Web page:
GHP July 2017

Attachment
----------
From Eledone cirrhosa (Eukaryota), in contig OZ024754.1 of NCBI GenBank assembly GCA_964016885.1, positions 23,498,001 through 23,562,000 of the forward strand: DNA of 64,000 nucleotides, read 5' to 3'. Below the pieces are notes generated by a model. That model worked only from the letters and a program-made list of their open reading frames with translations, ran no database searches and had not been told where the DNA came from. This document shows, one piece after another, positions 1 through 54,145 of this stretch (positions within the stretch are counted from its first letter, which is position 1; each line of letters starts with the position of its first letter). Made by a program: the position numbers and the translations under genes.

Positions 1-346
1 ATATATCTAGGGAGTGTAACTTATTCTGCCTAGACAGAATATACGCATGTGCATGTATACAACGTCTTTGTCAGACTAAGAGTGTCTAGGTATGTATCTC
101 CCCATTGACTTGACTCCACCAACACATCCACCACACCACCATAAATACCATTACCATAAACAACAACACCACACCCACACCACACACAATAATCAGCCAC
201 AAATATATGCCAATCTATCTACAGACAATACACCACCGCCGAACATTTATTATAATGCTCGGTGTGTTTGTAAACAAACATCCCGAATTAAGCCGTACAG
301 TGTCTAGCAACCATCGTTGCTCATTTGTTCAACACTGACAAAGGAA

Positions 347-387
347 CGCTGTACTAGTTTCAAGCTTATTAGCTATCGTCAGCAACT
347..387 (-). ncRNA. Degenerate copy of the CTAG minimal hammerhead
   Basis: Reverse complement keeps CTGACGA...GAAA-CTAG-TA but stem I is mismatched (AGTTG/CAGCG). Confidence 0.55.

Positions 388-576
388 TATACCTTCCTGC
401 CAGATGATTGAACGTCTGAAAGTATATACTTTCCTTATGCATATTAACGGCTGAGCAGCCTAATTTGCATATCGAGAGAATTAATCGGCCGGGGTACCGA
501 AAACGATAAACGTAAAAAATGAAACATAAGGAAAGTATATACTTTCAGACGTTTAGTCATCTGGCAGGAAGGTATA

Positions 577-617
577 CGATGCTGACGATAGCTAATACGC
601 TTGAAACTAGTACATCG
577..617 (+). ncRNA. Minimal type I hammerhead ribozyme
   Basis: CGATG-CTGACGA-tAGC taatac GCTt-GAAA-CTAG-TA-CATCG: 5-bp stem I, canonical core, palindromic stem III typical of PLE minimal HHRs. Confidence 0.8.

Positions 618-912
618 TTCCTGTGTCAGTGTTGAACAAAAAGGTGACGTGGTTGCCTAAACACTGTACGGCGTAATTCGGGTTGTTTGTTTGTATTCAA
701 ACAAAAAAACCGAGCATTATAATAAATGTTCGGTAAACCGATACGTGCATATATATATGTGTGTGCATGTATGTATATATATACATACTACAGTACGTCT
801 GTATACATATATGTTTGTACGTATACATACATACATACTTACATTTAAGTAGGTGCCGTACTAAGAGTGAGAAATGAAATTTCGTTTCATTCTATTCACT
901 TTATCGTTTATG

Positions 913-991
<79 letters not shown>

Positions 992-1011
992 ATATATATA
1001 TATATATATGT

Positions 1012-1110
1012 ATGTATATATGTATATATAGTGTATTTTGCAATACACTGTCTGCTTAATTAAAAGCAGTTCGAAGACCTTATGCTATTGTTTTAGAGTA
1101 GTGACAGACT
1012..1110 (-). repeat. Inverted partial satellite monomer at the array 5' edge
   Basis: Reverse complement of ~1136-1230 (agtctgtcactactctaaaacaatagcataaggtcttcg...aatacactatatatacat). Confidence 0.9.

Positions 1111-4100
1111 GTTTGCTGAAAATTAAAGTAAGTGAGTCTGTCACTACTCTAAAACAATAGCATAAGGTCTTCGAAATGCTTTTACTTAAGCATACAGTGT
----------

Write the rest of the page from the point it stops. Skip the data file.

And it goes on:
GHP / July 2017 21 NEWS , The study of 1,123 workers by Willis Tow- ers Watson (WTW) also found that more than a third (36%) of workers are struggling to get a good night’s sleep because of their job. Of the respondents who struggled to nod off, more than half cited difficulty in winding down after a stressful day at the office as the main reason for sleeplessness (55%), followed by job worries (45%), early starts (41%) and late- night working (35%). The research closely follows the launch of the world’s largest sleep study, which made headlines last month after a recruitment drive for 100,000 volunteers. Scientists in Western University, Ontario, hope the study will help them to gain a better understanding of the effects of sleep deprivation on brain func- tion. Speaking about the new research, Mike Blake, a director at Willis Tow- ers Watson Health & Benefits, said: “The work environment is no longer confined to the office, with the stress of heavy workloads creeping into home life. “Whilst companies may benefit from a perceived ‘increase’ in pro- ductivity in the short-term, ongoing stress, coupled with lack of sleep, can risk having an overall neg- ative impact on operational per- formance. And the launch of the worldwide sleep study is a clear indicator that fatigue will become a more prevalent and serious work- place issue that employers can ill afford to ignore.” Despite 65% of workers saying tiredness has become a bigger workplace problem over the past five years, WTW’s research re- vealed that just 17% of employers proactively educate their employ- ees on the effect of sleep on gen- eral wellbeing. Blake said employee-focused health and wellbeing programmes can help companies address the growing issue of fatigue at work. “Employers who become more at- tuned to the needs of their workers outside the office are more likely to retain a happy and healthy employ- ee base,” he added. “Companies should aim to identify and tackle potential issues before they become a problem. Open dialogue is key to establishing a positive workplace culture that ad- dresses and mitigates stress and fatigue. This will allow managers to identify dips in productivity and tackle the root causes before more serious issues arise, such as absenteeism and presenteeism. “By placing an emphasis on the importance of sufficient sleep, workers will also feel more com- fortable approaching managers about fatigue and solutions can be found, such as meditative practic- es, review of workloads or flexible working hours. The Willis Towers Watson Employ- ee Benefits and Wellbeing Barom- eter explores attitudes to employee benefits among UK workers. The research was conducted among 1,123 adults, aged 18-64, who are currently in full or part-time employment in Great Britain. The interviewed sample was weighted to represent the adult population of Great Britain. Learn more at Tiredness Hits Productivity for UK Businesses Almost two-thirds (66%) of UKworkers claim tiredness negatively impacts on productivity at work, research has revealed. Participants in the study reported that they experienced impaired judgements as frequently as every day and difficulty hearing as often as twice a week. (1) Severe ‘brain fog’, forgetfulness and recent memory loss were also reported. (1) “FCS impacts most areas of the life of someone who has it and those close to them. It affects everything from what they can eat to their relationships with their friends and family, their employment and their sense of self-worth,” says Jill Prawer, chair of the LPLD alliance. “FCS is often misunderstood and misdiagnosed, and we are delighted that the impact of the disorder beyond immediate acute symptoms is starting to be investigated.” FCS sufferers find themselves frequently having to access both primary and secondary healthcare services. (1) 86% of patients in the study visited their GP for routine appointments on average 10 times in twelve months and 64% visited their GP for urgent care an average of three times. (1) 71% visited a hospital doctor an average of three times in twelve months, 50% were hospitalised twice on average, for an average of four nights. (1) The study also reveals that 57.1% of FCS patients feel that the disease significantly interferes with their work and employment, and many feel constant uncertainty about having an attack of pain or acute pancreatitis multiple times per day. (1) 43% of patients had to take an average of 11 days off work in the last twelve months due to their FCS. (1) Outside of work, 58% said that it had influenced their decision on whether to have children. (1) IN-FOCUS was a self-reported, online, anonymous quantitative research study conducted in those diagnosed with FCS.1 These results reflect an interim analysis of responses from European patients. Data were presented at the HEART UK 31st Annual Medical & Scientific Congress between 5-7 July 2017. (1) Familial Chylomicronaemia Syndrome (FCS) is a rare genetic lipid disorder characterised by the build up of chylomicrons (chylomicronaemia), large lipoprotein particles that carry triglycerides in the blood shortly after the ingestion of fat. People with FCS cannot break down chylomicrons, causing them to have very high levels of triglycerides and blood than can appear milky in colour (lipemic). People with FCS live at risk of severe recurrent abdominal pain and potentially acute pancreatitis, long-term complications from pancreatic damage, and symptoms that can interfere with daily life. People with FCS are normally required to sustain a low-fat diet of less than 20g per day. FCS is caused by a dysfunction of Lipoprotein lipase (LPL), an enzyme that works to help break down chylomicrons in the body. The genetic mutations for FCS are inherited as an autosomal recessive trait. It is estimated to affect 1-2 in every 1 million people in the EU. References (1) Davidson M Et al. Interim Results of the Investigation of Findings and Observations Captured in Burden of Illness Survey in Patients with FCS (IN-FOCUS) Study: European Respondents. Presented at the HEART UK 31st Annual Medical & Scientific Conference, University of Warwick, Coventry, UK. 5-7 July 2017. (2) European Medicines Agency. Committee for Orphan Medicinal Products EMA/ COMP/14515/2014. Available at: en_GB/document_library/ Minutes/2014/03/WC500162743. pdf Accessed July 2017 (3) Brunzell JD. Familial lipoprotein lipase deficiency. GeneReviews 2011. (4) NORD. Familial Partial Lipodystrophy. Available at: familial-partiallipodystrophy - accessed July 2017.